I am living in a rent apartment in Germany, my contract is about to expire and I also wish to move to another one. I haven't got any kind of insurance yet for this apartment. I have heard of tenants being given a huge settlement bill by the land-lord siting as the cost of repairing the apartment after they move out. Therefore I would like to know

  1. if it makes sense to purchase a house insurance at this time when I am about to leave the apartment and am about to start my notice period
  2. What will be covered in the insurance (eg. if the landlord sites any damage will the insurance company cover it?)

. The apartment is in good condition and since I moved it no damage is done. However since I didn't know much about the rules and regulations at the time of moving in , I did a rookie mistake of not ensuring that there was a proof of where there were cracks in the floor tiles, or how some heating equipment was not installed correctly.

1 Answer 1


Your landlord can only bill you for damages you've done to her property. Normal wear is covered by the rent. (This has been confirmed by the highest German court just lately IIRC.)

There isn't an insurance which will cover for not being careful when moving in – as this had to cover the past instead of the future – it makes no sense for an insurance company to offer such a thing.

If you wanted to be safe against liabilities, you need a liability policy – Haftpflichtversicherung in German –. They are as cheap as 50 Euro per year for a single person and cover everything you might do wrong accidentally. Including damages you did to your landlord's property. But you have to tell them immediately, not just when the landlords bills you.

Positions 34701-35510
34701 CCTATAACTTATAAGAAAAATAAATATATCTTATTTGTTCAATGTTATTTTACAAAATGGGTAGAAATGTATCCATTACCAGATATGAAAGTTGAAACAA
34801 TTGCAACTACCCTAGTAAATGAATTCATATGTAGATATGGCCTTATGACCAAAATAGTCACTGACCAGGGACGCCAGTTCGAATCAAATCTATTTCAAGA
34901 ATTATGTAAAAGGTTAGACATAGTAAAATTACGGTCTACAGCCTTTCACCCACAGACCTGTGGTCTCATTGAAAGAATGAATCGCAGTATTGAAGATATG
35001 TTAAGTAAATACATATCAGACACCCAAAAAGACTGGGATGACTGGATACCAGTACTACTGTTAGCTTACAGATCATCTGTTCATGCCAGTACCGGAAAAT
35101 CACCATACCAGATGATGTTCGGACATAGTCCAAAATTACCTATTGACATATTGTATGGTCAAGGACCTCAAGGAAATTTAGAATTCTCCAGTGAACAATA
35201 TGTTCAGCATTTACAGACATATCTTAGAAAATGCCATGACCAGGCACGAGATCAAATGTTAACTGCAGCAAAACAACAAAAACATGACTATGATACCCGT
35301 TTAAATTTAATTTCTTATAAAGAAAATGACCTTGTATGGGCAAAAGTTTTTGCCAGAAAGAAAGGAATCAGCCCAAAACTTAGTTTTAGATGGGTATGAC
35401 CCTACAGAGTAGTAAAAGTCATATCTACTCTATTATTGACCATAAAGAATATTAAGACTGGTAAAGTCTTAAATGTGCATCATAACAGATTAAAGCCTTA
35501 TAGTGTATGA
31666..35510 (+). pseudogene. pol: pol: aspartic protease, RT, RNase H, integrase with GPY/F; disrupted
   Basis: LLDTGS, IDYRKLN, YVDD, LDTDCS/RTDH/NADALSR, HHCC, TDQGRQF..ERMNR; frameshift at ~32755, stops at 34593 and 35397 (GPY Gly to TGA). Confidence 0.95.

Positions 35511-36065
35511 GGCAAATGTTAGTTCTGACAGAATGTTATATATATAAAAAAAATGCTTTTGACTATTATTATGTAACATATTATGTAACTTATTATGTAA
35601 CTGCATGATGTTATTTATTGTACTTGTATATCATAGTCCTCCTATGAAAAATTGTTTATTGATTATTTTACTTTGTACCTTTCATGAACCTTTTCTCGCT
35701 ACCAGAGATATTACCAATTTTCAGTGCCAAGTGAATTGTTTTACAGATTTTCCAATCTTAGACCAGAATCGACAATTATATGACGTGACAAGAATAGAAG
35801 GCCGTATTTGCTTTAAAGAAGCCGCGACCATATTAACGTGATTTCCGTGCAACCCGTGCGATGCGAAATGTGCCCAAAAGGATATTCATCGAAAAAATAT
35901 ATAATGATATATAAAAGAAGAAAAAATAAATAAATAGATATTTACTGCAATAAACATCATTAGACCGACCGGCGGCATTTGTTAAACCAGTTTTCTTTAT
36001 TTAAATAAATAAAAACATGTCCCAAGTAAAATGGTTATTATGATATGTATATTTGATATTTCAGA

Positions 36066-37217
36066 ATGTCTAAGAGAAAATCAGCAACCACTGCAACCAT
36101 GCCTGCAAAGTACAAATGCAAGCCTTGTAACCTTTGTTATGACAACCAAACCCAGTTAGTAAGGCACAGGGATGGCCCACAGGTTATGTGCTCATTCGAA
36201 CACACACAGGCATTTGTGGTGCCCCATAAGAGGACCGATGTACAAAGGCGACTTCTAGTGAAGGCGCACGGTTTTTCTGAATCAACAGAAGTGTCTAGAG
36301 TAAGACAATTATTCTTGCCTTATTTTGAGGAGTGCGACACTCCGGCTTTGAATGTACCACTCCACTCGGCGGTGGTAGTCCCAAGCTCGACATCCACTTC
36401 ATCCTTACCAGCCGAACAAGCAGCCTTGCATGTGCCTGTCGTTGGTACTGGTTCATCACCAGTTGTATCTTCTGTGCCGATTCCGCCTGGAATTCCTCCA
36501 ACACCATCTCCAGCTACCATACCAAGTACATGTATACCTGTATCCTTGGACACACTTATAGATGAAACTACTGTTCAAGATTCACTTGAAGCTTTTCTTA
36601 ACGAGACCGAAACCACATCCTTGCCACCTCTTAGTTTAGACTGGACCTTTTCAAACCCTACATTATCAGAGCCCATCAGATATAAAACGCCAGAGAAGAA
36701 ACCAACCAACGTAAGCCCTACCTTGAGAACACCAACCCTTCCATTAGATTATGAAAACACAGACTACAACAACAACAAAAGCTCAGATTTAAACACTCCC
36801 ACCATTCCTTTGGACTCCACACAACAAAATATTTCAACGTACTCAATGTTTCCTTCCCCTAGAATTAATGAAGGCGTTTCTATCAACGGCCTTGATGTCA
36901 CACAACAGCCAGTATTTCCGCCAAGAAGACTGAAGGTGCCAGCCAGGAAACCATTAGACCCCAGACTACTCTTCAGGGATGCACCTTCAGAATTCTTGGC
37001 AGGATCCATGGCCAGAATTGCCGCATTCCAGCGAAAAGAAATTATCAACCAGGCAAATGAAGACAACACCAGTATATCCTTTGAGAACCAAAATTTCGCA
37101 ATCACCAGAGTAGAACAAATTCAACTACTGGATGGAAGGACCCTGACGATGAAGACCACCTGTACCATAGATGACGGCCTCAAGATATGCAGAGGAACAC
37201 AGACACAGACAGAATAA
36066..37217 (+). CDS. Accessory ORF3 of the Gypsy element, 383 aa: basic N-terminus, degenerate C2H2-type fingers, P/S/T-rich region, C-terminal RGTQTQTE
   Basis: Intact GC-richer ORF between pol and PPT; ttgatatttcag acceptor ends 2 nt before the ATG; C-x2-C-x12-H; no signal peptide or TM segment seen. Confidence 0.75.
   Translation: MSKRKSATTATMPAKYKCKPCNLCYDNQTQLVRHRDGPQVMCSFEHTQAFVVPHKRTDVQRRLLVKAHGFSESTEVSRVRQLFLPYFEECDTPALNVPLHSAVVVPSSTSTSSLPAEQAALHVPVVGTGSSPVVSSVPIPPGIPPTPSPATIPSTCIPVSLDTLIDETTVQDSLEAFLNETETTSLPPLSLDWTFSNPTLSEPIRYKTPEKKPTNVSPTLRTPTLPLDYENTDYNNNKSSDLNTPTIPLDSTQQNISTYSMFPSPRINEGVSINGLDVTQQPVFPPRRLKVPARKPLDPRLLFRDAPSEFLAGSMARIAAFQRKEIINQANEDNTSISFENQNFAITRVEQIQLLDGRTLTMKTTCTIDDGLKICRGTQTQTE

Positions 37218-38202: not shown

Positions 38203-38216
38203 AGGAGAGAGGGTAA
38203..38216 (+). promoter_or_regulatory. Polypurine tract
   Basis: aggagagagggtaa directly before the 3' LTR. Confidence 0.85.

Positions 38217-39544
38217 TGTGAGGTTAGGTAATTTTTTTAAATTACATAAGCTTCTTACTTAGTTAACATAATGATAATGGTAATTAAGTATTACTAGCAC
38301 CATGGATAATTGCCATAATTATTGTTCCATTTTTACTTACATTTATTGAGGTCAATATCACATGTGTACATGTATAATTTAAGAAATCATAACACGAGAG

The insurance agent may also want to sell a Hausratversicherung to you. Don't confuse it with the house insurance you thought of. Hausrat is all the moveable inventory that you own. For example your washing machine, your TV, but also clothes etc. This policy can be expensive and given the low prices of stuff today, it's most likely not worth it. It typically doesn't cover damages to the property of your landlord.

Another insurance which does not apply is the Gebäudeversicherung. You don't own the building. But the insurance agent will certainly not try to sell that to you.

The insurance agent may try to sell a Rechtsschutzversicherung to you, as you worry about having to go to court. Don't buy it. It's expensive and pretty useless for almost all people. Going to court is reasonably cheap in Germany.

  • Please change police->policy. Stupid software doesn't allow me to do it because only two characters change.
    – gnasher729
    Commented May 26, 2019 at 22:20
  • Thanks for the suggestion.
    – Janka
    Commented May 26, 2019 at 22:27
  • 1
    As a comment, most ex-pats in Germany should probably have Haftpflichtversicherung. The expectation in general is that you will have it, so people are much more likely to sue (compared to, say, the UK) for actual damage - on the assumption that it will just be the insurance company that pays. When they find out that you don't, it will be too late. Commented May 27, 2019 at 12:25
  • I think that the Rechtsschutzversicherung might make sense. Some companies offer such insurance for rental issues only, which may help to save some money. In case of legal issues with the landlord, a good lawyer could easily cost several hundred Euro for 1-3 consulting sessions. Alternative option is to pay to become a member of Mieterverein, which will also provide a legal help in such cases. Commented Jan 8, 2020 at 10:53

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